Objective. This study evaluates the degree to which medical school health insurance covers the costs of the human papillomavirus (HPV) vaccine for medical students in the United States and in Canada.
Methods. A telephone survey was conducted in November 2007 of every accredited medical school in the United States and in Canada.
Results. Thirty-one percent of schools fully covered the vaccine, 18% partially covered it, and the majority, 51%, provided no coverage. In the United States, the Northeast had the highest level of full coverage (61%). In the adjusted model, regional differences were no longer significant. However, private schools (odds ratio [OR] = 4.7; 95% confidence interval [CI] = 1.5-15.3)] and those that covered the hepatitis B vaccine (OR = 19.4; 95% CI = 5.5-68.6) remained more likely to cover the HPV vaccine. For medical schools that provided no HPV vaccine coverage, the average out-of-pocket cost for students was $434.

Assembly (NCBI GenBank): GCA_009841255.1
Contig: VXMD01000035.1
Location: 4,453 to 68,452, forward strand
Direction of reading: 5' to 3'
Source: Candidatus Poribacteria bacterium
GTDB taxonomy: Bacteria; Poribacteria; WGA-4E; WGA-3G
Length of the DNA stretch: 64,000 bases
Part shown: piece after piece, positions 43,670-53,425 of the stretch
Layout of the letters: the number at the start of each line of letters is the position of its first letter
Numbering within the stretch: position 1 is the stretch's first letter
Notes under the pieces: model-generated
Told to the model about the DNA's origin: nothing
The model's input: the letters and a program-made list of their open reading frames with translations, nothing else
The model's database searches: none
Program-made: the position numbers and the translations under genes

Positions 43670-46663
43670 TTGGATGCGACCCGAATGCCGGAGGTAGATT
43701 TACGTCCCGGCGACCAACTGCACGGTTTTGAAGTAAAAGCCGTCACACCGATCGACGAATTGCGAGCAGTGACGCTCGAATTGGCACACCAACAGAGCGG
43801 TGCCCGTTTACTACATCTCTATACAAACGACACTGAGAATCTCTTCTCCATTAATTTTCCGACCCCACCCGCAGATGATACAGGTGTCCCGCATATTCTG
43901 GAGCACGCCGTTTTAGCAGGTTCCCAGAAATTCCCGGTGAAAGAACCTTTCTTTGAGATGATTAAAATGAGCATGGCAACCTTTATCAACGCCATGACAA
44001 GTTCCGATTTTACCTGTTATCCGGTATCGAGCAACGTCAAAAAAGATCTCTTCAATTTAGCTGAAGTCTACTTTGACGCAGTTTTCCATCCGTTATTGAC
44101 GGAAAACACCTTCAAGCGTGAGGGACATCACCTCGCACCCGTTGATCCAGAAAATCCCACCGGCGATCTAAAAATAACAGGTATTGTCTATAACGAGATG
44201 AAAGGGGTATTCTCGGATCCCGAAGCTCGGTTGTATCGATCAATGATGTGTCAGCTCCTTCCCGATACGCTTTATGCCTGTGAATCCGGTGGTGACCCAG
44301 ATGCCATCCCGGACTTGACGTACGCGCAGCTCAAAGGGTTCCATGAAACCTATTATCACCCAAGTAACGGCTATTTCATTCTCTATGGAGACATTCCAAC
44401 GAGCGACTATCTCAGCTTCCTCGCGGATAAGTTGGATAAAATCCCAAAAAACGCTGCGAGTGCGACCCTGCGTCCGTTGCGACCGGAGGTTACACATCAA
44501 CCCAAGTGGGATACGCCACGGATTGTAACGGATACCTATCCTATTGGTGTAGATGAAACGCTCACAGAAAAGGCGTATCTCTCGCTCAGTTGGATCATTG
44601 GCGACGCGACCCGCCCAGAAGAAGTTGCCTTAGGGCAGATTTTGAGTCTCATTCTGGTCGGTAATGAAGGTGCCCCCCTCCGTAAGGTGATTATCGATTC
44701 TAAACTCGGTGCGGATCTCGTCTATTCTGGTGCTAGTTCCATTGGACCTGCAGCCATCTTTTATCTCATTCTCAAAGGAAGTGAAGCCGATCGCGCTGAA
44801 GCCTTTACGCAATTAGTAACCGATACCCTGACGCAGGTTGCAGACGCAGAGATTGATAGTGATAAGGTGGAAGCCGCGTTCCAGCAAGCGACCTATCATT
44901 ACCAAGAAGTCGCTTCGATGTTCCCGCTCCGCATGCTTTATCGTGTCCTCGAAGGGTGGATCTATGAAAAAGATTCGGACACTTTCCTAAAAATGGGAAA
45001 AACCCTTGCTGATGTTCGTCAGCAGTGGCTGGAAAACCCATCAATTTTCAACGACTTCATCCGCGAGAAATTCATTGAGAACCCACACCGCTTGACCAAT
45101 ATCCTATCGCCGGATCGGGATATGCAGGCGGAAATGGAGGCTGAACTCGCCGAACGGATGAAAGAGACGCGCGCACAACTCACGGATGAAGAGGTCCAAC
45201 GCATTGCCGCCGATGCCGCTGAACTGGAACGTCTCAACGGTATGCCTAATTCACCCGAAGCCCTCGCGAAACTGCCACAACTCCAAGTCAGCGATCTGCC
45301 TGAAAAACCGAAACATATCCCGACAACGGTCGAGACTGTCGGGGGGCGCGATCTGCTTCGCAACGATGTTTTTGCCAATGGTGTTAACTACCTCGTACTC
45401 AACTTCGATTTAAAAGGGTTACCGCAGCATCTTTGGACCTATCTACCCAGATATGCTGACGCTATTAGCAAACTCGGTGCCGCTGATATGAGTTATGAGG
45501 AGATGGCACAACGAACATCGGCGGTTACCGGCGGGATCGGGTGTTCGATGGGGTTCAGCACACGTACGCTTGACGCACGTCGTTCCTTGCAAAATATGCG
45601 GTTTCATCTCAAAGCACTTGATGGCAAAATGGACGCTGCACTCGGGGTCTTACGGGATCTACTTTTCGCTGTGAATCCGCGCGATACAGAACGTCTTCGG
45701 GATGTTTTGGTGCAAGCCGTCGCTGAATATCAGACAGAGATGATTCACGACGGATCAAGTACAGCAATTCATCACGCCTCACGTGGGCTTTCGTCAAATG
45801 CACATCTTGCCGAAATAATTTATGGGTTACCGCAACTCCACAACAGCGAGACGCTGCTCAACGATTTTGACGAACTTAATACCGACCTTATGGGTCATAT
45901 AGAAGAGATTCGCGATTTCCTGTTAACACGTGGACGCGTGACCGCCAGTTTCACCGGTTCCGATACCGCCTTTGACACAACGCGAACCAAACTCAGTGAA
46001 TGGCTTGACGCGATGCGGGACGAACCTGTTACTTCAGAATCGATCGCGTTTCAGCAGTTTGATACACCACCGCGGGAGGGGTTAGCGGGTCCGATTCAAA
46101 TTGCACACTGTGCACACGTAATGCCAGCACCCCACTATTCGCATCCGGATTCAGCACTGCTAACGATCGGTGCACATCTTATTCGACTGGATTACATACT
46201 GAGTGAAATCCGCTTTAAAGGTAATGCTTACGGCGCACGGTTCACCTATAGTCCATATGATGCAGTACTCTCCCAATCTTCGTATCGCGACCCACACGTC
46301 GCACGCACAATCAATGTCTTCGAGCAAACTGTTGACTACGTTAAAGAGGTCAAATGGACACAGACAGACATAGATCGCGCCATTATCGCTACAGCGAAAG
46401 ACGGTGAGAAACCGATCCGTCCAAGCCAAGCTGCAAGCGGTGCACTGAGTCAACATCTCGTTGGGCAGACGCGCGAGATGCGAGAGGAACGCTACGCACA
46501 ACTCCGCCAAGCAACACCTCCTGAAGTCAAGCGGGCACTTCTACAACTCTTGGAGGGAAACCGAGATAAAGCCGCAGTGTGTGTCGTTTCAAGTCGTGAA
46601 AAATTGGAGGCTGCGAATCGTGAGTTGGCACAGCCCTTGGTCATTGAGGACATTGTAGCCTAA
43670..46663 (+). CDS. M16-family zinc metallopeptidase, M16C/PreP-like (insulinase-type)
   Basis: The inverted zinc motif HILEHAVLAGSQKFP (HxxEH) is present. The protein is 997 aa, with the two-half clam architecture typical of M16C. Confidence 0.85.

Conclusions. This study shows that most medical students are not being offered health insurance coverage for the HPV vaccine, but that the vaccine was adopted relatively quickly into the armamentarium of medical student health centers.